From the Toolbelt
What Should You Do If You Receive an Investigatory Letter From the OCR?
My 22 year old daughter loves to send mail—a little old-fashioned, but endearing. Opening mail still carries the potential of discovering a treasure. Unfortunately for many organizations, the envelope may contain unpleasant information, namely an investigatory letter from the Office for Civil Rights (OCR), the entity that enforces the Health Insurance Portability and Accountability Act (HIPAA).
When individuals feel that an entity has violated HIPAA, they have the right to file a complaint with OCR. As of March 31, 2013, OCR had received nearly 80,000 complaints since HIPAA went into effect in 2003, with a lack of safeguards among the most common compliance issues.
Healthcare entities may be accustomed to receiving these letters, but come September 23, there are many other entities who may receive such letters. The Department of Health and Human Services (HHS) estimates there are 700,000 covered entities and up to 500,000 Business Associates (BAs). Although some BAs are duplicated among covered entities and HHS has sophisticated number crunchers, the numbers seem low. If every covered entity has at least three business associates, then that would equal 2.1 million BAs. Regardless, it is certainly no surprise that the federal government would like to directly govern BAs.
So what should you do if you receive an investigatory letter from the OCR?
Such a letter can be a little daunting, scary, and produce reactions from anger to disdain—neither of which is conducive to a successful resolution. Receiving an investigatory letter does not indicate that you have violated HIPAA, merely that someone thinks you did. Some complaints receive streamlined processing, such as a denial of a patient’s right to her record—meaning you may receive the letter within weeks of the OCR receiving the complaint. Other complaints work their way through the system and may take six months or longer before the OCR sends an investigatory letter. Your record-keeping system needs to be thorough and detailed because few remember all the details after such time passes.
Steps to Take:
First, review your files to verify that this individual is part of your records and whether you are able to retrieve the information quickly. If you are a BA, contact the covered entity for coordination even if the complaint is strictly against the BA.
Second, contact the OCR to let them know that you have received the letter and inform them if you foresee any complications on your end in responding by the due date, e.g. the records are in off-site storage. Ask if the OCR would like your response via mail, e-mail or fax. You may also ask the OCR for clarification of the complaint if the letter includes limited information. The OCR may be able to read the complaint to you, or a portion thereof, but cannot send it to you.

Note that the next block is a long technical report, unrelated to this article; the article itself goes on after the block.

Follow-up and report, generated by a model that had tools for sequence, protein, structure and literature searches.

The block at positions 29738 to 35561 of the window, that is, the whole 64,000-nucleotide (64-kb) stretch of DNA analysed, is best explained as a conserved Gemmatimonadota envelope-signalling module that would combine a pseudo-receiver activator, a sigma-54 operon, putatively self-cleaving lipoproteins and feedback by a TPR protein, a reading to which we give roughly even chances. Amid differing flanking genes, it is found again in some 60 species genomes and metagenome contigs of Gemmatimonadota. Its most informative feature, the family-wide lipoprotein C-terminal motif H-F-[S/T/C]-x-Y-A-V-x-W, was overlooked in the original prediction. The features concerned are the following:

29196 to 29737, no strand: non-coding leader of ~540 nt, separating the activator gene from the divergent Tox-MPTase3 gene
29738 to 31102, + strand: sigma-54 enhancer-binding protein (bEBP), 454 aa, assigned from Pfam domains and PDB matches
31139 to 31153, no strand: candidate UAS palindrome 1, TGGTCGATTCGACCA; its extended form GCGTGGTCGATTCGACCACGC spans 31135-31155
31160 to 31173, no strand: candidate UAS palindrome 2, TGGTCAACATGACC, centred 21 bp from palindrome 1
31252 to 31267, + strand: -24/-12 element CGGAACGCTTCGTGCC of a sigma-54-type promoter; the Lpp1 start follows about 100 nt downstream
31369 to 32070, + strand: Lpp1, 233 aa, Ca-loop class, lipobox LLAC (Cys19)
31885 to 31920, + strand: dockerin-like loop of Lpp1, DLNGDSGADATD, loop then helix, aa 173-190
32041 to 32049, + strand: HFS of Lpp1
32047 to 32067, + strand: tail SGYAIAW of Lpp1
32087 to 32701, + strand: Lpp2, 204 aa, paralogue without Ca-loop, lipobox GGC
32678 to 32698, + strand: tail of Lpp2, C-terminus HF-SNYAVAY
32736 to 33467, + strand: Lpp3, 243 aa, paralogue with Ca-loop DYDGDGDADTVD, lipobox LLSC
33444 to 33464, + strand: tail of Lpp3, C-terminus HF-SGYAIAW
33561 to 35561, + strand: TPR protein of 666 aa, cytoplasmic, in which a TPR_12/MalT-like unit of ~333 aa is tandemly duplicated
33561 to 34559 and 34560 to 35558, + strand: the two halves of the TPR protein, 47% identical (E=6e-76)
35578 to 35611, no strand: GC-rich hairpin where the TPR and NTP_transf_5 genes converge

Third, collect your information, the applicable policy and determine what your response may be, both to the OCR and the individual. For example, if the complaint alleges that you refuse to allow the patient access to their record, you should explain the circumstances to the OCR, provide the policy, include any details of any mitigation action taken such as employee retraining, process change and improved record-keeping. You might also want to fulfill the patient’s request. You could contact OCR and ask how they would like you to proceed. Sometimes, you can fulfill the patient’s request and include this documentation—not to record itself—in the response to the OCR. In such cases, send the patient’s record via certified mail to have a receipt. Other times, depending on the sensitivity, the OCR may want to review your response prior to you responding to the patient.
Then, you wait. Track all of your actions and keep detailed documentation. Contact the OCR if you have not heard from them within 30 days. You could do this every 30 days until you get final resolution, because their resolution may be lost in the mail.
Some individuals complain to multiple enforcement agencies, such as their state insurance department, consumer protection or attorney general. State attorneys general have been active in privacy enforcement. You may face investigations on multiple fronts simultaneously or sequentially. The key is having the policies in place, presenting the facts, taking appropriate action and responding professionally.
About the Author
K Royal, CIPP/US, CIPP/E, is privacy counsel at Align Technology and has over 20 years of professional experience in the legal and health-related fields. Royal has a particular interest in the relationship between health and technology—such as telesurgery, bioethics and privacy. As an attorney, she has been recognized as a Forty-under-40 honoree for Phoenix, as an educational leader through the YWCA and as one of the top pro bono attorneys in Arizona. Royal is currently an in-house global privacy counsel and finishing her PhD in public affairs.